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Josh Carlton Emerging as UConn’s Best Big Man

The Huskies have been forced to rely on a group of newcomers this season, and the best so far has been the young big man.

NCAA Basketball: Monmouth-NJ at Connecticut Gregory Fisher-USA TODAY Sports

UConn’s roster construction makes it hard for any newcomers to stand out this season. There are three true freshman, two redshirts who hardly played last season due to injuries, and four incoming transfers. Following Amida Brimah and Kentan Facey’s graduation and the transfer of Steve Enoch and Juwan Durham, the front court duties were falling to a group of players new to the roster.

That doesn’t mean that everyone’s production has been equal, though. Some have struggled to adjust to the pace of high-level college basketball. Some have seen their skills transfer poorly, and others haven’t developed their abilities to their potential yet. And while the team’s struggles this season can be partly attributed to having so much inexperience making up such a large part of their rotation, a few players have already proven themselves to be consistent contributors.

Isaiah Whaley, for example, has already shown his proficiency in help defense. Mamadou Diarra is a high-motor player on both ends of the court who has a knack for quality play around the rim. But there’s one freshman whose level of play has extended beyond his classmates’.

Josh Carlton gets the sixth most minutes on the team, and his playing time has increased since taking over the starting center role from Eric Cobb and David Onuorah. The challenge has kept him busy; his foul rate has skyrocketed since becoming Kevin Ollie’s go-to defensive anchor. But that’s one of Carlton’s few drawbacks as a player, and his positive attributes more than make up for his minimal deficiencies.

Carlton has already become the team’s best interior defender. He ranks second on the team in Defensive Box Plus/Minus (roughly, an estimate of how many points a player adds to the to the scoring margin while on defense) and second on the team in Defensive Rating (a measure of how many points are allowed on defense while the player is on the floor).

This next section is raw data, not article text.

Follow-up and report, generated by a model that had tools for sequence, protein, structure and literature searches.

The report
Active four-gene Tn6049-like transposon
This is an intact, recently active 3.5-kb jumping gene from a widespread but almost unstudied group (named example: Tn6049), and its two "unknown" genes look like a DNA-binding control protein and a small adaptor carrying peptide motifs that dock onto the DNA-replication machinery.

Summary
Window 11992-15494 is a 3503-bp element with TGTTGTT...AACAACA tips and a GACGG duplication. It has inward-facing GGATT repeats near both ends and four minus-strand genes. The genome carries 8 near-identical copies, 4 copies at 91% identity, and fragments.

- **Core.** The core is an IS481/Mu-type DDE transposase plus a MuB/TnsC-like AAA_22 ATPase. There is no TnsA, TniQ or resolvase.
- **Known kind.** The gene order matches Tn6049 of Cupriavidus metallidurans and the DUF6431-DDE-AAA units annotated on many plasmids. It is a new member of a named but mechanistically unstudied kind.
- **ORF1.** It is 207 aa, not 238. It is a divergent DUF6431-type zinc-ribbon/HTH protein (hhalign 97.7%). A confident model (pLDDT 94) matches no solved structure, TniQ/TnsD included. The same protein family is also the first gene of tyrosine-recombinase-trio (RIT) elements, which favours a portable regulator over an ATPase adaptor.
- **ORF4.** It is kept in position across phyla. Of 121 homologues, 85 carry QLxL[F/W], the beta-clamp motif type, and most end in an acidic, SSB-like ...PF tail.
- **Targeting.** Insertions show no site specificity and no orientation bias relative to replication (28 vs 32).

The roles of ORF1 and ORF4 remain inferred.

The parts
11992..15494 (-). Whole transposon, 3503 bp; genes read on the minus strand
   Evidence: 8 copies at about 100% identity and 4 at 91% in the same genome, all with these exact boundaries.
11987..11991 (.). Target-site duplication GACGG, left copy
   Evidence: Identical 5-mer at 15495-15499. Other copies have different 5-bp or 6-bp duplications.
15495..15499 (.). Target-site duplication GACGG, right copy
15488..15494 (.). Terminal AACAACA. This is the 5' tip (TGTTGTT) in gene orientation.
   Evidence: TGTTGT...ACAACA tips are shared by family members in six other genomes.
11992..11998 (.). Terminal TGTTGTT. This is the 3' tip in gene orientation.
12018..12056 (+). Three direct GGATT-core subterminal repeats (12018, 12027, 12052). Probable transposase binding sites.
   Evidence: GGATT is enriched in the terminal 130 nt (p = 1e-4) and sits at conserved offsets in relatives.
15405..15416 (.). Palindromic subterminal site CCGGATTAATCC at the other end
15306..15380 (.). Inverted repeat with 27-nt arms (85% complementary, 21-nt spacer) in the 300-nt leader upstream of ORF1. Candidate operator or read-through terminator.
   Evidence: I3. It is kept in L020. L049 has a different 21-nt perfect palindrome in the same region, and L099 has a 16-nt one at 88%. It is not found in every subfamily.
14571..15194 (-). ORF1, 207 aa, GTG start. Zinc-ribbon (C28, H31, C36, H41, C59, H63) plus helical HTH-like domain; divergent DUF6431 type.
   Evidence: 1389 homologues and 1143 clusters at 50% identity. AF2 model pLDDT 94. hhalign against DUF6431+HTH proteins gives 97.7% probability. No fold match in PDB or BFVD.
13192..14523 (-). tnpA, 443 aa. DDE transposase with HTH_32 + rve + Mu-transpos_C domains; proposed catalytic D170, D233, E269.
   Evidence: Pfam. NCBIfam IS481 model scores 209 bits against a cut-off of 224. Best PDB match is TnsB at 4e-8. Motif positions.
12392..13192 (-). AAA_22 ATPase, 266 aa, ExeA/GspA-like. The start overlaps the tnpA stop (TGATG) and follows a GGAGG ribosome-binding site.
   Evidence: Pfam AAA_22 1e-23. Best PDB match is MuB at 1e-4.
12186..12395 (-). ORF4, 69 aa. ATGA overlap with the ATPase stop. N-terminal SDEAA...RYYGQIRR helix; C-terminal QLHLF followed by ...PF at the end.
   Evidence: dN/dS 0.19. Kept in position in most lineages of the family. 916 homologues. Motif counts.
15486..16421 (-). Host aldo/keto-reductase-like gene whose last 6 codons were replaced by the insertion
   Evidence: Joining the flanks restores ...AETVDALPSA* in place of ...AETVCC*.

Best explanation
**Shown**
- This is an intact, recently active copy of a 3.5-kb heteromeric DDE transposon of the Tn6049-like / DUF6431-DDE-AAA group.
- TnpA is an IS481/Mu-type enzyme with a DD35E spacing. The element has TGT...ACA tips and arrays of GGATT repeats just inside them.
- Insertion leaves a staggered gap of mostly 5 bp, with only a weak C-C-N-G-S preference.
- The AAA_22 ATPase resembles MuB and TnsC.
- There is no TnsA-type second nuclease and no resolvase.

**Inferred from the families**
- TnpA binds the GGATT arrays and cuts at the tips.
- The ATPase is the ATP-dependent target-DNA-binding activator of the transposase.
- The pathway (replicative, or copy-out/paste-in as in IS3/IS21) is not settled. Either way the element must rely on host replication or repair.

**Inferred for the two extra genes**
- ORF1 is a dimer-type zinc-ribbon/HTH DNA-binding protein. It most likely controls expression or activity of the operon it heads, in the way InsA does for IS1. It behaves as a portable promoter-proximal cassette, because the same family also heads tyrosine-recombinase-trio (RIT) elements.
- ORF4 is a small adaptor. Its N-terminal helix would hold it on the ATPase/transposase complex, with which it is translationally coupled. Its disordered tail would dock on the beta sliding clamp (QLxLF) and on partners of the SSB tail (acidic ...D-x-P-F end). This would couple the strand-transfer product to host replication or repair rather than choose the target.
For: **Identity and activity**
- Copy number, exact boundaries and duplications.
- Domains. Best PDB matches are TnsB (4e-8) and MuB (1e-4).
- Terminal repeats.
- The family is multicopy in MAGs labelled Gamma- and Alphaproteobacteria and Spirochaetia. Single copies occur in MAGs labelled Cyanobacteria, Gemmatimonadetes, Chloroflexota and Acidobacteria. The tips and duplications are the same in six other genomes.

Both stats are led by a different player, the former by Whaley, the latter by Christian Vital. Vital’s strong perimeter defense takes a lot of pressure off the big men; last season defensive issues were compounded by the guards rarely being able to stop ball penetration. Whaley, as mentioned earlier, is great in help defense, and blocks many shots, but doesn’t have the overall defensive impact that Carlton does, largely due to versatility.

Carlton is, for lack of a better word, a beefy player. He’s listed at 6’9” and 242 pounds, and he knows how to use both effectively, showing off his strength when pushing around Tacko Fall in the win over Central Florida. He’s quick and has good footwork—Whaley is faster, but Carlton is also capable of picking up stretch players around the perimeter—meaning he’s not just a body on the inside. His versatility allows UConn to make difficult rotations without causing problems. This is especially true when he and Whaley share the frontcourt, as their skillsets complement each other smoothly. Suffice to say, Carlton’s play backs up the results of the advanced stats.

He’s capable in more traditional statistical areas as well; he’s displayed a competence around the offensive glass that can help extend possessions, and blocks just as many shots as Whaley on a per-minute basis. Even his offensive game is improving; while it would be beneficial if he added a secondary skill (either passing out of the post, a skill he showed in high school, or better ball control), he’s shown scoring ability with the ball in his hand. He’s unlikely to develop into a high-volume offensive superstar, but his shooting efficiency is already among the best on the team.

What’s even more promising is that Carlton’s production has improved since getting into conference play, and he’s showing no signs of slowing down. He didn’t play often in some high-profile non-conference games (only one minute against Syracuse, for example), getting most of his early minutes against weak opponents. He was rewarded for good play off the bench with 14 minutes in a close loss to Wichita State, which turned into 16 against Central Florida, which turned into 20 against Tulane. The Green Wave were an ideal matchup for Carlton, and he made the most of it, scoring a season-high 10 points and helping to shut down an offense comprised of good shooters.

Now that Ollie has confidence in Carlton, we may see the freshman more and more during the rest of the season. His presence has been a huge boon to the Huskies defense all year, and more time on the floor can only benefit both parties.

In every UConn championship year, they’ve had a quality defensive player on the inside who was capable of clogging the opponent’s attack. While it may take some time for the program get back to those storied heights, finding their next great defensive center is a big step in the right direction.